India will hope for a turnaround in fortunes with the arrival of Amjyot Singh and Amritpal Singh ahead of two crucial Asian qualifiers for the 2019 FIBA World Cup here. Bottom of Group C after two defeats in two, India will face Jordan at the Sree Kanteerava indoor stadium on Friday before a clash with Lebanon at the same venue on Monday.

India began its campaign in November with defeat away to Lebanon, but it was the loss to Syria at home three days later that severely dented the team's hopes of qualification. With only three teams advancing to the second round, there was much riding on that tie. Amjyot, who in November was drafted by the Oklahoma City Blue in the NBA G-League, did not feature in either of those games while the centre Amritpal was forced to miss the Syria fixture for personal reasons. Their absence was sorely felt.

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India has been camped in the city since the start of the month but Amjyot and Amritpal -- fresh off a stint with Sydney Kings in Australia's NBL -- joined the team only earlier this week.

“They've played together a lot; so it should not be a problem,” said Rajinder. “They know who plays where and how and whom to pass to. Of course, a little more time to train would have been nice.”

Amjyot could miss four matches for Oklahoma City Blue but it was not an issue, he felt. “I'm there only because of the Indian team. If India call me I have to come. This is my first tournament for India since I went to the NBA; I'm excited,” the forward said.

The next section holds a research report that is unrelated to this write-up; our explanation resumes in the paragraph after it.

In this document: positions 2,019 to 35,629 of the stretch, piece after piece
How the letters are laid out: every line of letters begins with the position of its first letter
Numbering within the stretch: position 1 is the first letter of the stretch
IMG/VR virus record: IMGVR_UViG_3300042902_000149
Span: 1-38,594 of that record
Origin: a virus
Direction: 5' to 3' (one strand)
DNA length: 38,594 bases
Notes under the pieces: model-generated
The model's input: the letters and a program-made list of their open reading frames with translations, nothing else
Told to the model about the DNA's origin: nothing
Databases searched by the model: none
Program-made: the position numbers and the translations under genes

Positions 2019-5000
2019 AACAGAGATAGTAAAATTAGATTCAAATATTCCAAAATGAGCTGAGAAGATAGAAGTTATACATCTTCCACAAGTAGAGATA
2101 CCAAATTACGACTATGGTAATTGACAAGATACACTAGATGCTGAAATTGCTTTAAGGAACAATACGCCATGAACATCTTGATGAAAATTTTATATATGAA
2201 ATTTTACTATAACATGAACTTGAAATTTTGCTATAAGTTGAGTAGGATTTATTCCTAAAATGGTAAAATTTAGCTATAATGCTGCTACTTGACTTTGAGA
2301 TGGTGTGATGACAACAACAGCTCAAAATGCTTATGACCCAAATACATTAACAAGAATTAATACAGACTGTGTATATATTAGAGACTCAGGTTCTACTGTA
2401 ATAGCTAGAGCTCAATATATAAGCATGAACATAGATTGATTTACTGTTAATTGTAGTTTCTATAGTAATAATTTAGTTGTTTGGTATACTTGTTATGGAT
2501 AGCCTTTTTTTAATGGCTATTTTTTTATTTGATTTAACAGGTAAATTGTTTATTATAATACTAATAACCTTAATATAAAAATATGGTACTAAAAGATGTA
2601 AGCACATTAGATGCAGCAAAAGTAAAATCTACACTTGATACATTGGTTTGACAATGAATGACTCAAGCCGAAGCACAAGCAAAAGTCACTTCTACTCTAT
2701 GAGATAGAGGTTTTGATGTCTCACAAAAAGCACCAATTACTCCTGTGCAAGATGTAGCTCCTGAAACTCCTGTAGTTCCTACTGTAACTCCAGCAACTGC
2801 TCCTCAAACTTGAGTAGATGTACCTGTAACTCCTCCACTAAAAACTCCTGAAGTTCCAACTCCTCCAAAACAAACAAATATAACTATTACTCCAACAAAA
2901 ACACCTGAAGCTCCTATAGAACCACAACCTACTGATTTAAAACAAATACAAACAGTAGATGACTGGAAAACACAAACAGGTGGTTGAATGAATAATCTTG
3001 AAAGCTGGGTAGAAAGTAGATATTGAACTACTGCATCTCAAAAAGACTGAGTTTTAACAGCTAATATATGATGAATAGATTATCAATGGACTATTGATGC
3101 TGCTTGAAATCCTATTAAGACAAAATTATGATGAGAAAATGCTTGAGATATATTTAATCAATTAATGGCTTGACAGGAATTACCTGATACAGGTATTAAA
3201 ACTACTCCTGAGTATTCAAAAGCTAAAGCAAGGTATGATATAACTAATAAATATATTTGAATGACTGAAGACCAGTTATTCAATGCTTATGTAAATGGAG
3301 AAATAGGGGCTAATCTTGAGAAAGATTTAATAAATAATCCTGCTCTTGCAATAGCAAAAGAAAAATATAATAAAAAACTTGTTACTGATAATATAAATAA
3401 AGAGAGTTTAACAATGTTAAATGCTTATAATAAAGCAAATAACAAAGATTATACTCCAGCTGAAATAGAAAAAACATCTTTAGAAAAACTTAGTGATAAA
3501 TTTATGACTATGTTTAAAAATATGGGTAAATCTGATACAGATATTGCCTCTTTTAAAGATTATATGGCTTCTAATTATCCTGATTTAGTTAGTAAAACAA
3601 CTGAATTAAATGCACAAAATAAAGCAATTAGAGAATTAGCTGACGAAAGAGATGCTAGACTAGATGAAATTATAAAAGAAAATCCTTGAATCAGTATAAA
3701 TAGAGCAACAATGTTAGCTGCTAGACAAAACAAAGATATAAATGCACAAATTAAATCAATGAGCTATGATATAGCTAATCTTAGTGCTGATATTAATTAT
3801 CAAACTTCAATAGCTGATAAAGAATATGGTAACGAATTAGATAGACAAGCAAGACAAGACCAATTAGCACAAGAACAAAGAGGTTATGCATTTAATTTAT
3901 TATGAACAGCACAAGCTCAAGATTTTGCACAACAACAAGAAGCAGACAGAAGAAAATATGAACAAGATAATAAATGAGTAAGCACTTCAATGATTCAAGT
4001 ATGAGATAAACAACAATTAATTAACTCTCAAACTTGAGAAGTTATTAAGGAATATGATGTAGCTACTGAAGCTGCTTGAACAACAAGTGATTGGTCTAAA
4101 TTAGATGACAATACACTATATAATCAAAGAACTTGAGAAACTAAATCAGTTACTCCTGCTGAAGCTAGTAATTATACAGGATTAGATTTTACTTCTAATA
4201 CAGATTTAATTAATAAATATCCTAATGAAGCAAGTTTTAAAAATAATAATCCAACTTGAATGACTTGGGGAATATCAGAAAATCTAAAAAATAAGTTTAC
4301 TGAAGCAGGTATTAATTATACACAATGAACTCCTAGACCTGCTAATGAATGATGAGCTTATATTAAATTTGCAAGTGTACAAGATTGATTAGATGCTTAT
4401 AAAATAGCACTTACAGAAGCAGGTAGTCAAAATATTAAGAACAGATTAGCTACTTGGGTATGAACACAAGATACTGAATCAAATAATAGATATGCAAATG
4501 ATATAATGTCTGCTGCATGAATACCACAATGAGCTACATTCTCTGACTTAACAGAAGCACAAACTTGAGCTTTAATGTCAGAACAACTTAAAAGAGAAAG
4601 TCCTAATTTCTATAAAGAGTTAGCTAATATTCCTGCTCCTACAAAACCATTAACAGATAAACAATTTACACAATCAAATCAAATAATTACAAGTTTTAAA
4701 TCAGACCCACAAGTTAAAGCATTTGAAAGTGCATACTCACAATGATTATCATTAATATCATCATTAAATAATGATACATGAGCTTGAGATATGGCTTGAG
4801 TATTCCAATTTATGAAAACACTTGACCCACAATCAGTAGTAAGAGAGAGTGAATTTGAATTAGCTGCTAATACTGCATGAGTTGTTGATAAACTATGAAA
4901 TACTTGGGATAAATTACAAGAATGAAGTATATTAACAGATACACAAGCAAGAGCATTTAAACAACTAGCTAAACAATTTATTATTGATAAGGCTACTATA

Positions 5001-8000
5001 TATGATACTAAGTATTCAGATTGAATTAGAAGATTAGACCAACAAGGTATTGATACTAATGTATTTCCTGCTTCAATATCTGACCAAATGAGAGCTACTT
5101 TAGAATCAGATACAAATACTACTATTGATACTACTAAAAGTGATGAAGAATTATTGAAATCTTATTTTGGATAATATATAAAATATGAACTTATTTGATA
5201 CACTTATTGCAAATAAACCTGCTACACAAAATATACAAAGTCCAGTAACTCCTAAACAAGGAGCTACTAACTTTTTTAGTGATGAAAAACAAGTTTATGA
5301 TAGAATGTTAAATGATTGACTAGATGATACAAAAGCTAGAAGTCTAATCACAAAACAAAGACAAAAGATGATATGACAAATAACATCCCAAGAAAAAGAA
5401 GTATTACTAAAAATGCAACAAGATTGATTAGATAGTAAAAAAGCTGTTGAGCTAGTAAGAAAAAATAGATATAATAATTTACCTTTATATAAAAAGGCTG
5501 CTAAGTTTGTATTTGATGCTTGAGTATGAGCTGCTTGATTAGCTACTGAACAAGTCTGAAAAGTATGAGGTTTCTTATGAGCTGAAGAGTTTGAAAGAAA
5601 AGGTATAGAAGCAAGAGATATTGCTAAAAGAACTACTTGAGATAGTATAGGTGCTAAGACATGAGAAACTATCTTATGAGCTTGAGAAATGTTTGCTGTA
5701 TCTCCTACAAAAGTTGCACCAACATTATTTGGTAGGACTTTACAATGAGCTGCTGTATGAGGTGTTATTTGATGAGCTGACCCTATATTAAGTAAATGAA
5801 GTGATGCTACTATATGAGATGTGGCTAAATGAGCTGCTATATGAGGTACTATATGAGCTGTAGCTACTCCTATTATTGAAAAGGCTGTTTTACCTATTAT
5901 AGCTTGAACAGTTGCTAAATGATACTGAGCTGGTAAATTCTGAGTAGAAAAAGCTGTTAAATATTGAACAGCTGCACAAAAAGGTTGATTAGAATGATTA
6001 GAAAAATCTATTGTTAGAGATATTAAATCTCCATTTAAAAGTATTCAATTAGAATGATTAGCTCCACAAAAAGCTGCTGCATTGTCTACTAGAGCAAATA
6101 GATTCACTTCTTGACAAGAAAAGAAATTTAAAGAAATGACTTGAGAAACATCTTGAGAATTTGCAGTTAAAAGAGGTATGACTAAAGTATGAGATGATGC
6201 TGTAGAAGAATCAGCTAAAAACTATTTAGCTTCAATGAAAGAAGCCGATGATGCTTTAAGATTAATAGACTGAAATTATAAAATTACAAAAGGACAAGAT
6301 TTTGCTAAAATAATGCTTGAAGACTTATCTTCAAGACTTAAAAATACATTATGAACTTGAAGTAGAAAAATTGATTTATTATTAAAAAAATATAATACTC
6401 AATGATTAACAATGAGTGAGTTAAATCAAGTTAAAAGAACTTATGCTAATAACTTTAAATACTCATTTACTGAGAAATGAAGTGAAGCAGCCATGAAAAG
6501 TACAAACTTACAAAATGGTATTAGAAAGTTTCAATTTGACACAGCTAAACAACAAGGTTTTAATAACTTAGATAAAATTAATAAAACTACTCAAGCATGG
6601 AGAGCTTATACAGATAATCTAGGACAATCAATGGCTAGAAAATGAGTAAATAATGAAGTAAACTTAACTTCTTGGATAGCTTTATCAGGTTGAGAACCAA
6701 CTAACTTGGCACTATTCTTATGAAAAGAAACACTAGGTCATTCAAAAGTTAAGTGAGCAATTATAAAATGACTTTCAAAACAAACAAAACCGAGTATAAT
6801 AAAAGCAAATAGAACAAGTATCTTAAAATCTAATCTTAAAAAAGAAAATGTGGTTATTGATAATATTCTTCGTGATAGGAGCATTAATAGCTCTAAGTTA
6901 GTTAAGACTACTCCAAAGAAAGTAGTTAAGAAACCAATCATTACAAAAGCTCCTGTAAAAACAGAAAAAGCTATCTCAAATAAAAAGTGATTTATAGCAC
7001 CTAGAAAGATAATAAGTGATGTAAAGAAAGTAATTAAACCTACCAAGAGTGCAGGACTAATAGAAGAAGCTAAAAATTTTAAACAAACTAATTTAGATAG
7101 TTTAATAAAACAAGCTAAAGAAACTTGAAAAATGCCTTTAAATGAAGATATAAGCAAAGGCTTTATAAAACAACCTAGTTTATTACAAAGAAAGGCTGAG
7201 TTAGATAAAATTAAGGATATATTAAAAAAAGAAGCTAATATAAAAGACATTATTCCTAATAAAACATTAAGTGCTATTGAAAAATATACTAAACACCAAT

India will also need Satnam Singh, point guard Akilan Pari (who has racked up 15 assists from the two games), and power forward Arvind Annadurai, who impressed at the recent Asian Games test event in Jakarta, to be in top form in order to trouble Friday's opponent.

In Jordan, India meets a side that relies much on fast-break attacks. The visitor sits on top of Group C, having crushed Syria before edging Lebanon by four points. The guard Darquavis Lamar Tucker, a Michigan-born naturalized citizen, top-scored against Lebanon with 32 points; he is one to be wary of.

“I've seen their matches on YouTube,” said Rajinder. “Their play from the outside is good. They like fast-break attacks and we've planned a strategy for that.”

There is no denying that Jordan is the overwhelming favourite and that India would have been better served by a longer training camp. But Rajinder is confident. “No team gets on court to lose,” he said. “We are out going out there to win.”